Turkish Journal of Surgery

Turkish Journal of Surgery

ISSN: 2564-6850
e-ISSN: 2564-7032

 

Şener Balas1, Kerim Bora Yılmaz1, Seray Akçalar Yıldırım2, Bilgihan Açıkgöz3, İdil Güneş Tatar2, Bahattin Bayar1, Melih Akıncı1, Oskay Kaya1

1Clinic of General Surgery, Health Science University Dışkapı Yıldırım Beyazıt Research and Training Hospital, Ankara, Turkey
2Clinic of Radiology, Health Science University Dışkapı Yıldırım Beyazıt Research and Training Hospital, Ankara, Turkey
3Clinic of Pathology, Health Science University Dışkapı Yıldırım Beyazıt Research and Training Hospital, Ankara, Turkey

Abstract

Pyometra, the accumulation of purulent material in the uterine cavity, is a rare gynecological condition whose etiology is impaired drainage of the uterine cavity. It is uncommon in premenopausal age and occurs mainly in older and postmenopausal women. Clinical signs of pyometra are vaginal discharge, postmenopausal bleeding, and lower abdominal pain. An 87-year-old woman was admitted to our emergency department with abdominal pain, fever, and vomiting. The results of physical examination revealed rebound tenderness and muscular rigidity in the lower abdomen. Ultrasonography demonstrated free fluid in the abdomen, and percutaneous aspiration revealed that this fluid was purulent. A computed tomography scan showed a large amount of free fluid in the abdominal cavity and a uterine myoma. The patient underwent emergency laparotomy due to acute abdomen. During the laparotomy, a 2x1 cm perforation was seen at the fundus of the uterus. The patient underwent total abdominal hysterectomy with bilateral salpingo-oophorectomy. A culture of the pus grew Escherichia coli. Histopathological examination revealed degenerative uterine myoma with no evidence of malignancy. Pathological results indicated myometrial suppurative inflammation along with neutrophilia and necrosis. Pyometra is a rare event; however, it must be considered when investigating acute abdomen etiology. Because pyometra involves abscess formation, drainage and evacuation of the uterine cavity while leaving a drain in the cavity and dilating the cervical canal is the main treatment protocol. In cases of perforation, hysterectomy is the treatment choice; however, with concomitant diseases in older patients, immediate surgery is related to important morbidity and mortality risks.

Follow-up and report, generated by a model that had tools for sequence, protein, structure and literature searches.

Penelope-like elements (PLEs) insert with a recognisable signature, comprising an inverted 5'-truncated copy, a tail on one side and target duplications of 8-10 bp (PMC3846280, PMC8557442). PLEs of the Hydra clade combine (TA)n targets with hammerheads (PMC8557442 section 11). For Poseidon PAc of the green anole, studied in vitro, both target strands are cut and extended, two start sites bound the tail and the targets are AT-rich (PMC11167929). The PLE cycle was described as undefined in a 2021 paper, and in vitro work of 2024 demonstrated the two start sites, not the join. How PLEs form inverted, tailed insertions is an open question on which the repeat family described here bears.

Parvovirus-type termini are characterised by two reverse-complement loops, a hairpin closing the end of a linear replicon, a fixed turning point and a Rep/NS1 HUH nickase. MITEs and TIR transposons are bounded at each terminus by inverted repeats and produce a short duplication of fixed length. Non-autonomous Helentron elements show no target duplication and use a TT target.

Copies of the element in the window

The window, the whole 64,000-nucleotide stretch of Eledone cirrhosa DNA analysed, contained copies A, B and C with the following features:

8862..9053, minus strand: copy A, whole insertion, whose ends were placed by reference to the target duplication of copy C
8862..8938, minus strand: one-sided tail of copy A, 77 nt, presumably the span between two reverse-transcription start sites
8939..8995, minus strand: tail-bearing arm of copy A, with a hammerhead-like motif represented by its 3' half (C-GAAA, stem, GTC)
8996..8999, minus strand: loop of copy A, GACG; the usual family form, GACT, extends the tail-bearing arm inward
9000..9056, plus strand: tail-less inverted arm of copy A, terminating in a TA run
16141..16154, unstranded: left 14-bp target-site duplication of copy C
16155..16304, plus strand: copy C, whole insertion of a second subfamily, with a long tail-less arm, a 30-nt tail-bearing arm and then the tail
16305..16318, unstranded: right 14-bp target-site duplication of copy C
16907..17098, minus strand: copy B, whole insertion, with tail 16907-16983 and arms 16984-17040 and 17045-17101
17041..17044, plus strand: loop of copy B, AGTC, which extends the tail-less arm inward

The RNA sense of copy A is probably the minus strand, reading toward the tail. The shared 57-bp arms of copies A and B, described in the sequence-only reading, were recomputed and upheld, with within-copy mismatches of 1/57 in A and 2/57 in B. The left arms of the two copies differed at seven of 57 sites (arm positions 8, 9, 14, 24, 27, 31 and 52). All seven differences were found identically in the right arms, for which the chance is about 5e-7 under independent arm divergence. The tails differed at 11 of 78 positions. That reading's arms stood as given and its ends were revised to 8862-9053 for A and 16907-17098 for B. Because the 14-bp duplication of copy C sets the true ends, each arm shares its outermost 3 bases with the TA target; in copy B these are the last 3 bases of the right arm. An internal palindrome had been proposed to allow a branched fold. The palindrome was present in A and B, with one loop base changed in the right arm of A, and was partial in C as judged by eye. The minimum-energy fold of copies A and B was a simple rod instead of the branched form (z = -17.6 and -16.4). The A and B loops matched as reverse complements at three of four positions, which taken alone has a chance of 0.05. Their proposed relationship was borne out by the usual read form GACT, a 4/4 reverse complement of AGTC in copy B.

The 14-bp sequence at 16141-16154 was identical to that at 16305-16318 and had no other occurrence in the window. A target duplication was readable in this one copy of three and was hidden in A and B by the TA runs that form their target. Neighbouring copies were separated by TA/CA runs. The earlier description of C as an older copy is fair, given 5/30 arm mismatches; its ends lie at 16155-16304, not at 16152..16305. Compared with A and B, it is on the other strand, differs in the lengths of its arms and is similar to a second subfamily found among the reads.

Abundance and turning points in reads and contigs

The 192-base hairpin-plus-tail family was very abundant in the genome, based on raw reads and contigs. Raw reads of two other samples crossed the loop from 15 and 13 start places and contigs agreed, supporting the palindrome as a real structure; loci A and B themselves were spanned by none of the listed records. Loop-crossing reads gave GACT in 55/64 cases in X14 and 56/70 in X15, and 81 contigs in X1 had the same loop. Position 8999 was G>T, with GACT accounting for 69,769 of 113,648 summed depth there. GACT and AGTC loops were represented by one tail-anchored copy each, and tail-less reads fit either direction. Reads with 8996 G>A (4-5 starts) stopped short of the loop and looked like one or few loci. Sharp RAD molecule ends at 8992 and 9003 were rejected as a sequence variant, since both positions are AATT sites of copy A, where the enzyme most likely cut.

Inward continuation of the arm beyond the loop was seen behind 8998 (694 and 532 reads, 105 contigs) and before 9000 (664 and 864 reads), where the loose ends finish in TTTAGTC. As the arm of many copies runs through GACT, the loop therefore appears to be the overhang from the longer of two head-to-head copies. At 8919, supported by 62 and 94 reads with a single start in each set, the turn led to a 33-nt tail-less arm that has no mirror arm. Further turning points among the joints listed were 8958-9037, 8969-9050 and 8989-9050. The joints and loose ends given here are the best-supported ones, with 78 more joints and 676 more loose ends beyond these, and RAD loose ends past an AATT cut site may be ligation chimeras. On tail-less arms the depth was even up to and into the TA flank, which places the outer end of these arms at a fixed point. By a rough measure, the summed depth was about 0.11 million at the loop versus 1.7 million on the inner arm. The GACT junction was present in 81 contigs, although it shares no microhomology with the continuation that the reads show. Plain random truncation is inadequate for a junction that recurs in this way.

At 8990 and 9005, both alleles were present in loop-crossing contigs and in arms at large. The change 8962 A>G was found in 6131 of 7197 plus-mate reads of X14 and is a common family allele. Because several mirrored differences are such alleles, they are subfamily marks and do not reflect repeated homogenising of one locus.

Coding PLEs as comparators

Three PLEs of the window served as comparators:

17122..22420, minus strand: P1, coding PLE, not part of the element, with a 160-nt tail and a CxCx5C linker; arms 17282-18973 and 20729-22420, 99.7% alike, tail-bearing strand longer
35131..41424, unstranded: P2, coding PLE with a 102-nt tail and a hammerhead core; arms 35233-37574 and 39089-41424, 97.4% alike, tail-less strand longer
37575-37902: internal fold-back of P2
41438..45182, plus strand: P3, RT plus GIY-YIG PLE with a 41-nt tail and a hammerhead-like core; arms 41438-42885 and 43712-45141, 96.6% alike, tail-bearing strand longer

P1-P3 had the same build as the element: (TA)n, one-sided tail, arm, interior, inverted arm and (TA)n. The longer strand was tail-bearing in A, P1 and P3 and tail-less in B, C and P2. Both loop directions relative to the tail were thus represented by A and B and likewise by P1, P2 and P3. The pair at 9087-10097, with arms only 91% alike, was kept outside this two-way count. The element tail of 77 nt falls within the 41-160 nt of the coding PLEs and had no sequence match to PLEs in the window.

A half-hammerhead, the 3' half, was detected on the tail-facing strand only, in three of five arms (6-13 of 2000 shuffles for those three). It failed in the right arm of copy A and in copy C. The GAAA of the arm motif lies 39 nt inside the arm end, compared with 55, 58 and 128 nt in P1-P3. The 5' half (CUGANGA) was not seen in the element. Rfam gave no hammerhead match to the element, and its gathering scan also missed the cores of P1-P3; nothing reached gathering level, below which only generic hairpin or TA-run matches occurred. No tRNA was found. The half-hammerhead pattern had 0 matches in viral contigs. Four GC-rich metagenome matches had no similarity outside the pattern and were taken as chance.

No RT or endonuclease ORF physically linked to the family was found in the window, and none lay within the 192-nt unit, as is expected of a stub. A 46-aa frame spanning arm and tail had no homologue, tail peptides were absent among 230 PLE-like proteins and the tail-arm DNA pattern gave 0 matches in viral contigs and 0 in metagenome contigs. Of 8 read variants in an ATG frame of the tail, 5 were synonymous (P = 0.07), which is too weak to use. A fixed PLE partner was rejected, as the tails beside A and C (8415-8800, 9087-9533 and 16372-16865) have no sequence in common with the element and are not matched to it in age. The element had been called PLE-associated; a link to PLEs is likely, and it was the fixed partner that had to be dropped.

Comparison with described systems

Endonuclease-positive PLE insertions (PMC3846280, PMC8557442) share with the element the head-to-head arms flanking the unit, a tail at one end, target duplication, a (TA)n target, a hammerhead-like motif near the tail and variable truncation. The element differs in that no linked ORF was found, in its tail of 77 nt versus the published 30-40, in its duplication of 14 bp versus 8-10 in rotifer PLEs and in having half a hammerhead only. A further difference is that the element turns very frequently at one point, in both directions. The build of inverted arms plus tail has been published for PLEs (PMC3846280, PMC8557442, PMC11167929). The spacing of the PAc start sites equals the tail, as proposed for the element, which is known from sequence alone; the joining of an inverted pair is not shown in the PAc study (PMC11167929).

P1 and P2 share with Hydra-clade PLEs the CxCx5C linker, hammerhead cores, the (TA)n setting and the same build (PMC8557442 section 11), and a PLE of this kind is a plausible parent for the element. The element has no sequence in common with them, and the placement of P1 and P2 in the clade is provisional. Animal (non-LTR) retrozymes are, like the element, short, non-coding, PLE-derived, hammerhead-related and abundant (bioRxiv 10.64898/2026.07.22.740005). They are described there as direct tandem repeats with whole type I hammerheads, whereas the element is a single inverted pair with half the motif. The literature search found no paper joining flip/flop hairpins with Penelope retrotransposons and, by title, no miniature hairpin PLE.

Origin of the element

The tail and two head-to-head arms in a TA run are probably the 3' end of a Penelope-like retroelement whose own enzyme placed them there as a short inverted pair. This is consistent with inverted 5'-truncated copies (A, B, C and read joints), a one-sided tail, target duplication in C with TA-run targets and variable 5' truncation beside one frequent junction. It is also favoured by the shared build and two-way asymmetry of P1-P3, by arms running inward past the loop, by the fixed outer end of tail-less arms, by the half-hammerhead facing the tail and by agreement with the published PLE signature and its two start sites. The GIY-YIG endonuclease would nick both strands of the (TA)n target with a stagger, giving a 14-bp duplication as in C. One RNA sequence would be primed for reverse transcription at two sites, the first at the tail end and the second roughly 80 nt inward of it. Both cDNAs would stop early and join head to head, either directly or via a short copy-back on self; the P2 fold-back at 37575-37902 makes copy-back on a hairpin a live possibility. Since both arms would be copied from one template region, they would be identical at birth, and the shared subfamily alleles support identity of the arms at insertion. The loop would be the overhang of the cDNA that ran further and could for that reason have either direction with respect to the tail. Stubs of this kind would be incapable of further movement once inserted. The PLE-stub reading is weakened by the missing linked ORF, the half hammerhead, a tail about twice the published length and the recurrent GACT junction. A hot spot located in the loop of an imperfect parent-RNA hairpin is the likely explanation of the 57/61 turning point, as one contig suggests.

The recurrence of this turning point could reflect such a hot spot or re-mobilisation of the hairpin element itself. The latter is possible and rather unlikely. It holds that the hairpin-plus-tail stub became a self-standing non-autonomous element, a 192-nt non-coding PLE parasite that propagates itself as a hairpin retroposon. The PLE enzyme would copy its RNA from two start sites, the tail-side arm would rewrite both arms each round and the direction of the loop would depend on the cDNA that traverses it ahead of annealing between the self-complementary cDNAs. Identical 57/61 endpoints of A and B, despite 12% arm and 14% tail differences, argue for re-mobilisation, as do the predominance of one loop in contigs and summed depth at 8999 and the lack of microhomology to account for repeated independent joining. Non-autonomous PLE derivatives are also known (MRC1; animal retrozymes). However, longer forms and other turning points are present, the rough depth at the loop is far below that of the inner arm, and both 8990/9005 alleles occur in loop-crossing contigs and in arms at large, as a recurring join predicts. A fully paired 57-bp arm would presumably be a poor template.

Keywords: Acute abdomen, pyometra, sepsis, uterine perforation

Introduction

Pyometra, the accumulation of purulent material in the uterine cavity, represents 0.038% of gynecologic admissions; its etiology is impaired drainage of the uterine cavity (1). It is uncommon in premenopausal age and occurs mainly in older and postmenopausal women. The classical clinical signs of pyometra are vaginal discharge, postmenopausal bleeding, and lower abdominal pain (2). The etiology of the uterus perforation is blockage of natural drainage due to stenotic cervix, which results in a degenerative or necrotic change in the pyometra (3, 4). This perforation is related to diffuse peritonitis and causes acute surgical abdomen with free intra-abdominal air.

Herein, we report an a patient presenting with abdominal pain and generalized peritonitis caused by perforation of pyometra without malignancy.

Case Presentation

An 87-year-old woman was admitted to our emergency department with abdominal pain, fever, and vomiting lasting approximately two days. The patient had a history of diabetes and hypertension, and the patient was immobilized and permanently bedridden for two years due to pelvic trauma and poor general condition. Her gynecological history was unremarkable, and she had no vaginal bleeding or increased discharge. The results of a physical examination revealed rebound tenderness, muscular rigidity in the lower abdomen, and distention. Her body temperature was 38.4 °C, her pulse rate was 112 beats/min, and her blood pressure was 140/70. Laboratory studies on admission demonstrated a white cell count of 5000/mm3 with 83.6% neutrophilia and hemoglobin 11.3. A plain chest x-ray showed no free air under the diaphragm and no intestinal obstruction sign. Ultrasonography demonstrated free fluid at the iliac fossa/pelvis; percutaneous aspiration revealed that this fluid was purulent, with no relationship to gastrointestinal tract perforation or bile fistula.